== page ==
Many years ago, I was involved in a teaching project in New York. We were a bunch of theater people meeting to inspire. One day, a group member – a tap dancer – asked us to make a change in our lives.
He said, “Make any change you want and report on it next week.”
The following week, “Andy” asked us to talk about our changes. One young actress said she decided to get up ½ hour earlier to meditate. Another singer said he committed to calling his parents once a week.
When it was my turn to share, I blurted, “I moved my spoons.”
People laughed. But it was powerful for me. Moving my spoons showed me how the mind works.
I knew my spoons were in a different place. I put them there. Yet every time I needed a spoon I unconsciously walked to their old habitat. Then I judged myself for doing so.
Trying to change our thinking is like putting a thought in a different drawer.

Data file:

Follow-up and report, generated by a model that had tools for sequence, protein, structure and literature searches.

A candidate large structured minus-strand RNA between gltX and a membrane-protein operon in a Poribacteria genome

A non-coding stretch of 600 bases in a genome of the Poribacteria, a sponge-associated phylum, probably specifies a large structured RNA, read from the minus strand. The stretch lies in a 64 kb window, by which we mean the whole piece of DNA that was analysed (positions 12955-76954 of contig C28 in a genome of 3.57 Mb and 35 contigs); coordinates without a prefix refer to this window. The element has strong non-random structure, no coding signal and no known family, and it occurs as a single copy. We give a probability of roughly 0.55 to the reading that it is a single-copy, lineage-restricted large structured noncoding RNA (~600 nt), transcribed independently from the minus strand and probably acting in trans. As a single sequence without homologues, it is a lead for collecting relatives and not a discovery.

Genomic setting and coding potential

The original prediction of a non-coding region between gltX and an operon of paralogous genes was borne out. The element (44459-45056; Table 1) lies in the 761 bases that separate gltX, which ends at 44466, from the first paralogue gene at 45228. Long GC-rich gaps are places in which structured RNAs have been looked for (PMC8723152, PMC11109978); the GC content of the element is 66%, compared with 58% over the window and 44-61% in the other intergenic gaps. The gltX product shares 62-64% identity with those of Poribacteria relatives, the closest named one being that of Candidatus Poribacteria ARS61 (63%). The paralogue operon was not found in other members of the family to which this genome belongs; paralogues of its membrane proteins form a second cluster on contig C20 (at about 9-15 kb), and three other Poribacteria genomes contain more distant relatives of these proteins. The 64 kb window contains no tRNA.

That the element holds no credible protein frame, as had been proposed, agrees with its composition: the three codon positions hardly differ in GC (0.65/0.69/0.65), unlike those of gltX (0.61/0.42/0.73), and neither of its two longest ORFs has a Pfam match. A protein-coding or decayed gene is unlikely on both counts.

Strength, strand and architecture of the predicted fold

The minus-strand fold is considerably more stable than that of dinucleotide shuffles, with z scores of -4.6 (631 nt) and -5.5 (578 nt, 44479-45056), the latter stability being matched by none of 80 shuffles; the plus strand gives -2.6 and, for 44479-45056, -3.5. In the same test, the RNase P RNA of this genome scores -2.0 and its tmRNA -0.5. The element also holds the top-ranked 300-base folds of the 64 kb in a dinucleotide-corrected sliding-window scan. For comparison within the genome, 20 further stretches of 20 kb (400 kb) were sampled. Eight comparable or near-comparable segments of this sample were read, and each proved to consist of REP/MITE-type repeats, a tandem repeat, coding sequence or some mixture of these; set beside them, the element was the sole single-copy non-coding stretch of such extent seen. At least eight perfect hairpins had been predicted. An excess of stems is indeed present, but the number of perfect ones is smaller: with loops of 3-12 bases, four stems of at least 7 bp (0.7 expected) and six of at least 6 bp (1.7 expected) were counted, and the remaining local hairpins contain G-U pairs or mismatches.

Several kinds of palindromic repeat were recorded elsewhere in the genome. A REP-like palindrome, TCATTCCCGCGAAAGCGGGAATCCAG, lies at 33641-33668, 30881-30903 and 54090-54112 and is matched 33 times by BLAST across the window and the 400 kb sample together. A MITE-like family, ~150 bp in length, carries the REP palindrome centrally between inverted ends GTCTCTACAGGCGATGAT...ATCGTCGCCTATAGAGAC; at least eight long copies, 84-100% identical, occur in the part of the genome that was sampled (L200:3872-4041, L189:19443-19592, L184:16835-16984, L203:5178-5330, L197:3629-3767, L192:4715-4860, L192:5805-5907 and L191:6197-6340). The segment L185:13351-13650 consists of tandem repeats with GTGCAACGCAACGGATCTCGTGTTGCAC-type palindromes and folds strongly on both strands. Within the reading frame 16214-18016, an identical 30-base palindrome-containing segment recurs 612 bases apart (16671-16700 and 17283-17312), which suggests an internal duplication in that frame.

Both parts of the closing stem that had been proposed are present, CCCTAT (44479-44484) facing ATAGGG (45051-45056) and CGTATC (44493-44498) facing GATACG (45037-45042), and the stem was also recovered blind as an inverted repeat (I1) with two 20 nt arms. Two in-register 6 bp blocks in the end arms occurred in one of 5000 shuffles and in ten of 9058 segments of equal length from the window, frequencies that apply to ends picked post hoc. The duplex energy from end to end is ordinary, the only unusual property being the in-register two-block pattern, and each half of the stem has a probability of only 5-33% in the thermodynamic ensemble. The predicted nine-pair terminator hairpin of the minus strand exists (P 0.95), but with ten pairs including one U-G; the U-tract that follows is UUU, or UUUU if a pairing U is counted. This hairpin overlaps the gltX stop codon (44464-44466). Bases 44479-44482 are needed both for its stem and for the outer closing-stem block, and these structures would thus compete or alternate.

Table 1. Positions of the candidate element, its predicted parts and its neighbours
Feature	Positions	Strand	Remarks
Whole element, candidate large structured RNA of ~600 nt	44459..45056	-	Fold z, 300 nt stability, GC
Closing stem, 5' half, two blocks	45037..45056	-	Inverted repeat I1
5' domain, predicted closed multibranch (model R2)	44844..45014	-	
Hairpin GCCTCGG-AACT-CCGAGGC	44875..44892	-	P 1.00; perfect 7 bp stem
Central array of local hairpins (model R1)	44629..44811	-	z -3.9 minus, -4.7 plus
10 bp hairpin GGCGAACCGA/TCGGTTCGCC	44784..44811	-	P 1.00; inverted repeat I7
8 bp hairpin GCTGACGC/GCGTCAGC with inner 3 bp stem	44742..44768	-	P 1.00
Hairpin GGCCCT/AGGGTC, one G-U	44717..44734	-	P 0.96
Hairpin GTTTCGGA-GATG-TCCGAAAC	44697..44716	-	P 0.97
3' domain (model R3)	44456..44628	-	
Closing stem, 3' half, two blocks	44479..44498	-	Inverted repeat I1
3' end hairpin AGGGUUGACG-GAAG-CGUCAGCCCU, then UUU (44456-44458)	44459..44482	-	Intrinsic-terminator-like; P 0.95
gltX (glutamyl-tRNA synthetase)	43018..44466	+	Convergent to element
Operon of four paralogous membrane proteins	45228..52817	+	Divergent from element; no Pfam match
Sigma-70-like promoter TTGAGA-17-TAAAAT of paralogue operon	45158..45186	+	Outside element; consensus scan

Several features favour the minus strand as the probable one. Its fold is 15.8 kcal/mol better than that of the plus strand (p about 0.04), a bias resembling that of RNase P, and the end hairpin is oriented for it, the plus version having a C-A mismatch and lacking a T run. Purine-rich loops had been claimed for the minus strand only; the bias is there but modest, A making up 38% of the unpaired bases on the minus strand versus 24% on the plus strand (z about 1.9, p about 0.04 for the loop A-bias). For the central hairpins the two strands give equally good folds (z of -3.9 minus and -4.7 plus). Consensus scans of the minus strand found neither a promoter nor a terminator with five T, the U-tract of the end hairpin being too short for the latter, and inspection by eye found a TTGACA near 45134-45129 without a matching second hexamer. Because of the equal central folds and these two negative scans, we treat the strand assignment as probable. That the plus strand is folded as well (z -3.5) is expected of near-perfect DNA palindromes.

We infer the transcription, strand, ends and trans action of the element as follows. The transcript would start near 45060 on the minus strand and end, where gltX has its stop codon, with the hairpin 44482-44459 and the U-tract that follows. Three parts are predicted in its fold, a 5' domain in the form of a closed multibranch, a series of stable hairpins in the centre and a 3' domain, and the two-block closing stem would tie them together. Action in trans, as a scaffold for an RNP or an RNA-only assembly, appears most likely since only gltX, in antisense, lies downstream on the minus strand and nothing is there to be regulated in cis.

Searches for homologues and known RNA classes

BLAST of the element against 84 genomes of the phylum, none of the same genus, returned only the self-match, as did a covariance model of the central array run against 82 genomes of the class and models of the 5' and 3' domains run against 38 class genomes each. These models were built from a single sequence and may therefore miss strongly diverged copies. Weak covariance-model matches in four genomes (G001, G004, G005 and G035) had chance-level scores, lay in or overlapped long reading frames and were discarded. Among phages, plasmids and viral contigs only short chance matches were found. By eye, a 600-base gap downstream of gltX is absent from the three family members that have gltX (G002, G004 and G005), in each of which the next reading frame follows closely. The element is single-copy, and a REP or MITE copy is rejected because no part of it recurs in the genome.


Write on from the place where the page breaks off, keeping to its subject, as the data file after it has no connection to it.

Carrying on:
We frequently re-visit the place we are programmed to go. Then we judge ourselves.
Change requires a new relationship with trying, failing, judging, and trying again.
Changing our thoughts takes time. We’re really attached to where our spoons once were.
But even our inability to change is worthy of our love.
And paradoxically, when we love our inability to change – we start to change.
Meditate – Center and focus on a place where you feel like you can’t change. Love your inability to change.
Practice – Throughout the day, notice your inability to change and apply love.
Advanced Practice – Make a physical change in your environment– something like moving your spoons. Notice what happens; see if you can relate it to the process of changing your thoughts.